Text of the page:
Kicking the butt: Health gained, happiness lost

Written by New York Times | New York | Updated: Aug 9 2014, 16:36pm hrs
SmokingMany want to quit smoking, but are addicted, and forgo the long-term satisfaction of better health for short-term pleasure.
Rarely has the concept of happiness caused so much consternation in public health circles. Buried deep in the federal governments voluminous new tobacco regulations is a little-known cost-benefit calculation that public health experts see as potentially poisonous: the happiness quotient. It assumes that the benefits from reducing smoking fewer early deaths and diseases of the lungs and heart have to be discounted by 70 per cent to offset the loss in pleasure that smokers suffer when they give up their habit.

Experts say that calculation wipes out most of the economic benefits from the regulations and could make them far more vulnerable to legal challenges from the tobacco industry. And it could have a perverse effect, experts said. The more successful regulators are at reducing smoking, the more it hurts them in the final economic accounting.

This threatens the FDAs ability to take strong actions against tobacco, Frank J Chaloupka, an economist at the University of Illinois at Chicago, said of the Food and Drug Administration. If they cant demonstrate that there is a significant economic benefit to doing it, then it makes their job much harder.

On Wednesday, Professor Chaloupka and other prominent economists, including a Nobel Prize winner, publicly took issue with the analysis. In a paper submitted to the FDA as the period for public comment on the regulations neared its end on Friday, the group said the happiness quotient was way too high and should be changed before the regulations take effect.

Theres reason to believe that number is much too big, said Jonathan Gruber, an economist at the Massachusetts Institute of Technology who was an author of the paper. In his view, the agencys analysis cited his past work erroneously.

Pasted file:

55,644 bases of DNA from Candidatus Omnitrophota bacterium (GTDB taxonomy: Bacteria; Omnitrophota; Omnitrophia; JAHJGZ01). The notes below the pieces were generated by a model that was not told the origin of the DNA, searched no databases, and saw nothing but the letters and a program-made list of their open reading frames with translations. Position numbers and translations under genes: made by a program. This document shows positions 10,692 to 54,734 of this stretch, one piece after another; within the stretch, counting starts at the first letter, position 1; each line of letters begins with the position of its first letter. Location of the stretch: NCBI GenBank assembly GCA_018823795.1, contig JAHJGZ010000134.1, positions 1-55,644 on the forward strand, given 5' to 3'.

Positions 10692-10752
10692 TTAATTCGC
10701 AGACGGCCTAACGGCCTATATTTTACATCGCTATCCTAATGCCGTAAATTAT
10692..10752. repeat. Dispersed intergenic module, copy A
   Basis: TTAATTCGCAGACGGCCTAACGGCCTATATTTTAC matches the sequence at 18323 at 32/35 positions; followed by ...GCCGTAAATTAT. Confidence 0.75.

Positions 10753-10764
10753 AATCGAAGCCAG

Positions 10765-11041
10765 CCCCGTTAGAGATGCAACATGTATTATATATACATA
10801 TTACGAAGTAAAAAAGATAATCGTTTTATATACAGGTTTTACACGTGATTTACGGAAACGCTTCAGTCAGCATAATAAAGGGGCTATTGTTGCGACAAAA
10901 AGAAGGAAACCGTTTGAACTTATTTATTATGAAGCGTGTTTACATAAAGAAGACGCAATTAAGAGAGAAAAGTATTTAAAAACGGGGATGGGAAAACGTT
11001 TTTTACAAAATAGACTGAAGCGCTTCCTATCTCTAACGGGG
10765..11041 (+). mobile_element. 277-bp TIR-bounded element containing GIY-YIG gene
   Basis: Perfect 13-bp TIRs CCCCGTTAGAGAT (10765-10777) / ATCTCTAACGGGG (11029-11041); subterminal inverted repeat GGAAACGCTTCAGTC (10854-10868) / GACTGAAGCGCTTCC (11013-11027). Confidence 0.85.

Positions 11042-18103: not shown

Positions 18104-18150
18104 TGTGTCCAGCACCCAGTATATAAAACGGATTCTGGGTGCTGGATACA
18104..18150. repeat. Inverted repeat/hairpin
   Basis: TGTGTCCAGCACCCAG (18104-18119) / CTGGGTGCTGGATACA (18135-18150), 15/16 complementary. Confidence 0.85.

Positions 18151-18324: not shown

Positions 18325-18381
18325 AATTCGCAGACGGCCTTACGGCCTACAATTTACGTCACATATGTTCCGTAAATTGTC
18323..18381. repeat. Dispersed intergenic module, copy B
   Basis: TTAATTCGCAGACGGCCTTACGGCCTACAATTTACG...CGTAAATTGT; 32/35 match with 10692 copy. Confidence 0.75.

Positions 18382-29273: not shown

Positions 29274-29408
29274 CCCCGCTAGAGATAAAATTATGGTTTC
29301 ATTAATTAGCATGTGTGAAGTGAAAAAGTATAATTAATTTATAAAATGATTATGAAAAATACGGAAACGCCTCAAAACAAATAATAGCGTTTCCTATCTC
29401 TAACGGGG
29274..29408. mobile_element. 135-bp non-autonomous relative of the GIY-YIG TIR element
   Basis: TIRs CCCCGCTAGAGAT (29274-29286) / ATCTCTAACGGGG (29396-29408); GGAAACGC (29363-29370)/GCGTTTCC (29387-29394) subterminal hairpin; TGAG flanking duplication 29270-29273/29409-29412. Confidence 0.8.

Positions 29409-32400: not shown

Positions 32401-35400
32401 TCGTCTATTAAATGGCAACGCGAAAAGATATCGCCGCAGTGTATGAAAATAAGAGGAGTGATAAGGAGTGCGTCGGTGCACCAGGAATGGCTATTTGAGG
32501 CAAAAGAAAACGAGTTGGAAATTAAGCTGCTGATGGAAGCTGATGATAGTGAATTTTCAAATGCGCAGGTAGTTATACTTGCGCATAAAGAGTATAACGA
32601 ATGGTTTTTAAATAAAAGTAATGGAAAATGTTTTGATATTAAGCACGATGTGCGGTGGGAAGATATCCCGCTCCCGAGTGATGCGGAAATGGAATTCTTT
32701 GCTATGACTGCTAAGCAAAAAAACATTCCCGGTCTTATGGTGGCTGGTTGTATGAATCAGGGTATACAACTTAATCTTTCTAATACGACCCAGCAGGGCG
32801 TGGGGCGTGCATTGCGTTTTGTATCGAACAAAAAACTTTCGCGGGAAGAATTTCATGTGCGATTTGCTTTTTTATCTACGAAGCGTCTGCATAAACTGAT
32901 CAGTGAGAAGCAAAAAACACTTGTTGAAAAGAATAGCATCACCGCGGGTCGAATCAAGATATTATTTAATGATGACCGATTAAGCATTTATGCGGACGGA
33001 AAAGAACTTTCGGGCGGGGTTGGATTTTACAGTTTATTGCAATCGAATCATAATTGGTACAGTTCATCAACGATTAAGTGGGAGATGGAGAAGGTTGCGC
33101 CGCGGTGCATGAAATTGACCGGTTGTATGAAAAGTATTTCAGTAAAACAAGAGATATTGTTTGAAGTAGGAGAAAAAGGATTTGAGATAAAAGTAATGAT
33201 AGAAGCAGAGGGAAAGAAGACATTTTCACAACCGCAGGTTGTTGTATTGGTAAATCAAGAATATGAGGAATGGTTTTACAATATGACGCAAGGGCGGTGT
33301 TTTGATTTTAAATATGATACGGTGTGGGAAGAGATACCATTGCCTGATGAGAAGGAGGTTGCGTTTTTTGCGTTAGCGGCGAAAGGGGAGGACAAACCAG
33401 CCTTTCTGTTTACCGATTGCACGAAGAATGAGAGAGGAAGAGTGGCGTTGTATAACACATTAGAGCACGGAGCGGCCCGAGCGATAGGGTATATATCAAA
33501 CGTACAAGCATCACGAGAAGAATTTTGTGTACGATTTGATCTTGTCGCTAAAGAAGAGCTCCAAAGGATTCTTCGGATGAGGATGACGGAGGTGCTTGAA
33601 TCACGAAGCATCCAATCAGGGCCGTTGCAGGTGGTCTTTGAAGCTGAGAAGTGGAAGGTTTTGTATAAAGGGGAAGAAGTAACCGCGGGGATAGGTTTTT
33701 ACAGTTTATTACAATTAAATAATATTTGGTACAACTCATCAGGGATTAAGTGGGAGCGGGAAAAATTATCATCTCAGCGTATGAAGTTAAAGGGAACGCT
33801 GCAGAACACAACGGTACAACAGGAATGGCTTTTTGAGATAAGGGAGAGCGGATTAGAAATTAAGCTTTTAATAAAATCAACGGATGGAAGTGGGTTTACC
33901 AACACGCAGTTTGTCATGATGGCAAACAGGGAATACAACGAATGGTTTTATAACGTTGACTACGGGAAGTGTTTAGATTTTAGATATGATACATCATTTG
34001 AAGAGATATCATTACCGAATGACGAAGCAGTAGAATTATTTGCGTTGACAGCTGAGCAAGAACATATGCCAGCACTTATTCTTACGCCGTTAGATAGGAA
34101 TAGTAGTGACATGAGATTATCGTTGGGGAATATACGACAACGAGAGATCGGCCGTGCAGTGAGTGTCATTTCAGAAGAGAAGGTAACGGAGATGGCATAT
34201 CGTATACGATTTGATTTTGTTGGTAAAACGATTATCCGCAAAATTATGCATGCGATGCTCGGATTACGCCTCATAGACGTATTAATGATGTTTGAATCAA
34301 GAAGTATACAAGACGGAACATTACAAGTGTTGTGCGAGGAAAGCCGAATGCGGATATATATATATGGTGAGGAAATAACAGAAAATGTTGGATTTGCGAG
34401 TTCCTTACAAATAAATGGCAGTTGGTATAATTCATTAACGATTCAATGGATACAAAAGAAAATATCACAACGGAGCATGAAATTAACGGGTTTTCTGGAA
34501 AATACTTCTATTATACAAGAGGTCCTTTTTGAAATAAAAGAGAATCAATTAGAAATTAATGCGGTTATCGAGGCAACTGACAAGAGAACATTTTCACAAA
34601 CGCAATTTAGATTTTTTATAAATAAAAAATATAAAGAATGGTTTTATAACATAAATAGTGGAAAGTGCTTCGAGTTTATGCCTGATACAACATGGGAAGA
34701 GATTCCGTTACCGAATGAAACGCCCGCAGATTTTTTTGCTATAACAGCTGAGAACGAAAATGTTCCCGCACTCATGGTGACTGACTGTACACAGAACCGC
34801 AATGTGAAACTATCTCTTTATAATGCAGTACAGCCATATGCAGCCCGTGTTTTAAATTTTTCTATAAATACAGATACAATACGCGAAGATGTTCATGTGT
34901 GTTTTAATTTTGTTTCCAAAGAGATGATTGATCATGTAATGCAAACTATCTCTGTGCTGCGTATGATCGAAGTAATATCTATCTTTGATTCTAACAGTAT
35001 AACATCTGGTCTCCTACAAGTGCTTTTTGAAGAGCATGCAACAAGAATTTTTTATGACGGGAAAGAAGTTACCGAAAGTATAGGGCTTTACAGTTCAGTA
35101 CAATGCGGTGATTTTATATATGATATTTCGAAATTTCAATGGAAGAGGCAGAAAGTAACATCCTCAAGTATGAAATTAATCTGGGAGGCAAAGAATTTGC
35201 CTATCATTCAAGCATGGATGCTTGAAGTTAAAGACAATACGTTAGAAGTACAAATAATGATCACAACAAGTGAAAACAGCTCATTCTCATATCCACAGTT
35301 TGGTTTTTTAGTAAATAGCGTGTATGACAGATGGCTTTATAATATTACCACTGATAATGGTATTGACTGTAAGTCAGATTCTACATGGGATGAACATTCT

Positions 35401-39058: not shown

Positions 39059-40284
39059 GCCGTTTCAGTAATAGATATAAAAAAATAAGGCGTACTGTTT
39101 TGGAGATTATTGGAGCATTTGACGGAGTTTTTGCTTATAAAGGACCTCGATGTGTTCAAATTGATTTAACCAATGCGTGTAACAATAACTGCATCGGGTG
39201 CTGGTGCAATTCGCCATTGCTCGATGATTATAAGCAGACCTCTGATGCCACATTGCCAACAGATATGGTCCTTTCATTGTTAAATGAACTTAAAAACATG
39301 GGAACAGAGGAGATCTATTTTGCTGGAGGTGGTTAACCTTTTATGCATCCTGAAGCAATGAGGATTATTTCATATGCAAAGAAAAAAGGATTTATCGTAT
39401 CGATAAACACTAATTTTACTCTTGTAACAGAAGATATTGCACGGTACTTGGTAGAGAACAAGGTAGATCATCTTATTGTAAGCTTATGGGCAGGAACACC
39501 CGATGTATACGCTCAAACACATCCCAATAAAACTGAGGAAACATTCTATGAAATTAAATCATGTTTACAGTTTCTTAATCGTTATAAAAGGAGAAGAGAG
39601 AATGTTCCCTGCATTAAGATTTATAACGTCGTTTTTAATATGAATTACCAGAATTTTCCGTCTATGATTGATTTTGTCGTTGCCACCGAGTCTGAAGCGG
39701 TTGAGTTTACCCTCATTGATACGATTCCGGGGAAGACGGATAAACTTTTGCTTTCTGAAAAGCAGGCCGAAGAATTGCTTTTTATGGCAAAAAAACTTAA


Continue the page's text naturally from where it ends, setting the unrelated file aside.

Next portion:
The idea of lost happiness is new for health regulation. But it has surfaced as part of a longstanding requirement first codified under President Bill Clinton that every set of federal regulations with more than a $100 million effect on the economy needs an analysis to prevent the adoption of regulations with high costs and low benefits.

The cost-benefit analysis is embedded in a proposal from April that would extend the FDAs authority, for the first time, to electronic cigarettes and other tobacco products such as cigars and pipe tobacco, with potentially large consequences for the multibillion-dollar tobacco industry.

The FDA released a statement on Wednesday detailing the economics behind its analysis, but the explanation did not address the central assertion made by the economists. An FDA spokeswoman, Jennifer Haliski, said that there was still a great deal of uncertainty surrounding the calculation.

If the formula for assessing costs and benefits remains unchanged in the final version of the regulations, it could set a dangerous precedent that would constrain public-policy making for years to come, experts and advocates warned.

This approach to cost-benefit analysis could also have broader implications for regulations of the food and beverage industries, which could likewise point to lost pleasure from consumption of sugar, salt or other substances regulators seek to limit.

The economists assessment of the agencys approach is part of a flood of public comments more than 69,000 as of Wednesday submitted to the FDA on the tobacco regulations. The rules are supposed to become final by next summer, and experts anticipate that legal challenges will soon follow.

Economists speaking out on Wednesday said a basic assumption consistent with traditional economic theory lay at the heart of the federal governments miscalculation on the costs and benefits of the regulations: that most people were rational, well-informed market participants making decisions they would not later regret.

But smokers, they said, were different. A vast majority began smoking before age 18, when judgment is impaired. And many want to quit, but are addicted, and forgo the long-term satisfaction of better health for short-term pleasure.

It would be ridiculous to suggest that a 16-year-old who has no idea what addiction means and feels immortal is a rational decision-maker when it comes to smoking, said Kenneth E Warner, one of the papers authors and a professor of public health at the University of Michigan.

Pleasure was not the only problem with the FDAs economic analysis, the economists said. For example, it did not count the benefits to non-smokers of less secondhand smoke, or of reductions in infant mortality were fewer pregnant women to smoke, they said.

The only previous application of the happiness loss by the FDA to the proposal of graphic warning labels on cigarette packaging went largely unnoticed, but the current one is drawing attention because of how much the lost happiness counts.